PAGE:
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Iran key player in global war on drugs

It is time for the world to engage with Tehran to assist its war on drugs, and to acknowledge Iran as an important player in combating the global illegal drug trade.
An Afghan man works on a poppy field in Jalalabad province April 17, 2014. Afghanistan is the world's top cultivator of the poppy, from which opium and heroin are produced. Despite more than a decade of efforts to wean farmers off the crop, fight corruption and cut links between drugs and the Taliban insurgency, poppy expanded to 209,000 hectares (516,000 acres) in 2013, up 36 percent from the previous year.  REUTERS/ Parwiz (AFGHANISTAN - Tags: DRUGS SOCIETY AGRICULTURE ENVIRONMENT) - RTR3LOO5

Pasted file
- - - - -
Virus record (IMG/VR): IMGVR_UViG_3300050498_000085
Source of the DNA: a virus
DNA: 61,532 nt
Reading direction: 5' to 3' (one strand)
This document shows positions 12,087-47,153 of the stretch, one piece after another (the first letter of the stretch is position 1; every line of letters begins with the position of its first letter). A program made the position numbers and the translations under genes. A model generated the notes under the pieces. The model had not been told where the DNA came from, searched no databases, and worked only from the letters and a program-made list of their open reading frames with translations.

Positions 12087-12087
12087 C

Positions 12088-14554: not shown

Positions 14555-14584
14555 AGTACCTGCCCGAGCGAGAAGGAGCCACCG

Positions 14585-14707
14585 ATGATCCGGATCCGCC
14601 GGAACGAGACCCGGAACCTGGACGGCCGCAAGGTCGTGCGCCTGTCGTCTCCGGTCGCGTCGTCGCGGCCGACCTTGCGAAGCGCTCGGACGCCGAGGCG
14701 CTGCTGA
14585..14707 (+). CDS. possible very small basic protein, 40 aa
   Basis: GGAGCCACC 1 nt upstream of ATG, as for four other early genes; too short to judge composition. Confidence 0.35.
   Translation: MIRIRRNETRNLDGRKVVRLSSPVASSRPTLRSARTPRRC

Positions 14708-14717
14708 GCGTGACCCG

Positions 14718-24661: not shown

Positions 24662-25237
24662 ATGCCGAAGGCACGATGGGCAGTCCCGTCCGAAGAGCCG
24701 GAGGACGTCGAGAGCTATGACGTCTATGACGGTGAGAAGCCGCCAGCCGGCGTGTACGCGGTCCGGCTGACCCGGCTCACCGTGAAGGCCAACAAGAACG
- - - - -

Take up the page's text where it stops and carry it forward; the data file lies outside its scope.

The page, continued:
Shortly after the announcement of the Joint Comprehensive Plan of Action (JCPOA) in July, thousands of Iranians took to the streets to celebrate the historic nuclear deal. “[Foreign Minister Mohammad Javad] Zarif, thank you,” cheered ecstatic crowds, holding placards in support of the agreement and President Hassan Rouhani’s government. If duly implemented, the JCPOA will limit Iran’s nuclear program while lifting the international sanctions that have isolated the country from the international community for more than a decade. For the people of Iran, who have tasted the bitterness of sanctions, this agreement is indeed a call for celebration.

Arguments that Iran’s reengagement in both regional and international affairs can positively impact political, security and economic conversations are often heard. Yet no one seems to be talking about Iran’s influence over another global challenge: the fight against the international illicit drug trade.

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